Chorusing usually occurs for several days before mating and egg laying (Dodd 2013). It can occur throughout the day, and often continues well into the night during warm weather. Strong chorusing typically does not occur until water temperatures exceed 6.5°C (Dodd 2013). Steelman and Dorcas (2010) and Alexander (1966) found that chorusing in North Carolina populations tended to reach a peak when water temperatures were between 10-15°C. Chorusing largely shuts down during bouts of very cold weather, and most egg-laying at any particular breeding site generally occurs on only a few nights during the calling season (Dodd 2013). Rainfall stimulates breeding and egg-laying. Breeding during rain events increases the likelihood that the shallow seasonal pools that are used for breeding will be at or near full capacity when the eggs are laid.

Males call from the water or from along shorelines, often while sitting in very shallow water or partially floating with the front limbs resting on decaying vegetation. A female will typically move to the male of her choosing then contact the male from the front to initiate axillary amplexus. The males tend to congregate within particular areas of the breeding pool. They may move onto shore to call during the warmer hours of the day before returning to water as temperatures cool (Alexander 1966, Dodd 2013). They often greatly outnumber females at the ponds since the females move back to forested sites immediately after laying their eggs, while males stay much longer at the ponds (Jensen et al. 2008). The females begin laying eggs shortly after being amplexed.
Reproductive Mode: Each female lays a series of small egg masses. These typically are cylindrically shaped, about 2-2.5 cm wide and have around 10-100 eggs per mass. The jelly has a loose consistency, and the masses are attached to submerged support structures such as twigs, branches, and the stems and leaves of sedges and grasses. Estimates for the number of eggs per mass include 10-40 from Alabama (Brown 1956), 8-35 from Georgia (Martof and Thompson 1958), and 30-50 eggs from Tennessee (Britson and Kissell 1996). Alexander (1966) reported extremes of 4-159 eggs for North Carolina masses. Four masses that were observed by Jim Petranka in Madison Co. contained from 62-101 developing embryos (mean = 78). When depositing a mass, the female straddles and clasps a stem or other support structure. She then arches her back to bring her cloaca nearly into contact with the supporting structure and the vent of the male. As the eggs are extruded, the male fertilizes them (Martof and Thompson 1958).

The freshly laid eggs are brown above and white to yellowish below, and around 0.9–1.3 mm in diameter (Dodd 2013). Each is surrounded by a single gelatinous envelope that is 5–8 mm in diameter. Clutch sizes are poorly documented. Twelve Virginia females laid from 197–835 eggs (mean = 441 eggs) in captivity (Mitchell and Pague 2014). Alexander (1966; cited in Dodd 2013) reported that females in their first breeding season produce clutches of 179–275 eggs, whlle those in their second season have clutches of 282–463 eggs.
Aquatic Life History: The larvae are detritus feeders that feed on bottom muck and decaying vegetation. They use the jaws and teeth to rasp detritus and other potential food items from the substrate, which is then picked up by a stream of mucous and carried into the esophagus (Dodd 2013). They will also feed on dead animal remains. The larvae are solitary feeders that tend to be uniformly distributed throughout a pool. The quality of food resources can affect larval growth and development. Britson and Kissell (1996) fed larvae different food types and found that larvae that were fed pollen from pine and oak trees performed poorly relative to those fed algae or commercial animal food. Animals that fed on pollen grew slower and were less likely to initiate metamorphosis, perhaps due to a lack of iodine in oak pollen.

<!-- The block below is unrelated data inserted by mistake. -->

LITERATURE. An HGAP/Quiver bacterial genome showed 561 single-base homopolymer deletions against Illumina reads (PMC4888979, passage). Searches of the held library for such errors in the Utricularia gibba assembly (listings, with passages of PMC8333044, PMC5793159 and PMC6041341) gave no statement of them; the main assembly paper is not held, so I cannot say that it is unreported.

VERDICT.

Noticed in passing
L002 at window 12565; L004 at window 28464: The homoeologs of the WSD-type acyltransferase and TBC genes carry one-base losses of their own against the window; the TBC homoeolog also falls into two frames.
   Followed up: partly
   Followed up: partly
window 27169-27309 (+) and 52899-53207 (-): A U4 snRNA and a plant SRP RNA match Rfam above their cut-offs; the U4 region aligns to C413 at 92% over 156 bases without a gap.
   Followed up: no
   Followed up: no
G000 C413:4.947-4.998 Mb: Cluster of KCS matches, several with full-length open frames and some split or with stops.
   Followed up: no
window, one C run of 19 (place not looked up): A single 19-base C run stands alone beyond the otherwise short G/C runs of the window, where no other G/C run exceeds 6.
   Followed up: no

Larvae in natural ponds grow and develop rapidly, with the larval period typically lasting 6-10 weeks or more. Jensen et al. (2008) reported the larval period to last 48–80 days in Georgia, while Mitchell (1986) estimated it to last around 50 days in Virginia. Brown (1956) provided estimates of 40–95 days for populations in Alabama. The tadpoles can reach 34–36 mm TL prior to metamorphosis (Dodd 2013). The froglets average around 9.5 mm SUL (range = 7.8-12 mm) in North Carolina (Alexander 1966) and 9.8 mm SUL (range = 8.8-12 mm) in Alabama (Brown 1956).

The tadpoles likely compete when crowded, which has the usual effect of reducing growth rates and increasing the length of the larval period (Travis 1981). The relatively long breeding season of this species in some areas may reflect trade-offs between the success of early versus late breeders. The adults commonly bred in shallow seasonal pools that fill incrementally and are vulnerable to pond drying. Individuals that breed after ponds first begin to fill may benefit by getting a competitive edge on late breeders and by being exposed to relatively few aquatic predators. However, they risk having the ponds dry completely if additional rain fronts do not materialize and continue to fill the ponds (Dodd 2013). Late breeders often breed when the ponds are full, but may suffer greater losses from aquatic predators and competitors. Sours and Petranka (2007), for example, found that Wood Frog tadpoles that colonize ponds very early in the year can be important predators on the eggs -- and to a lesser extent -- the hatchlings of P. feriarum. This trade-off may explain why the breeding season is relatively long for this species, since early breeders may be favored in wet years, but not in years with premature pond drying.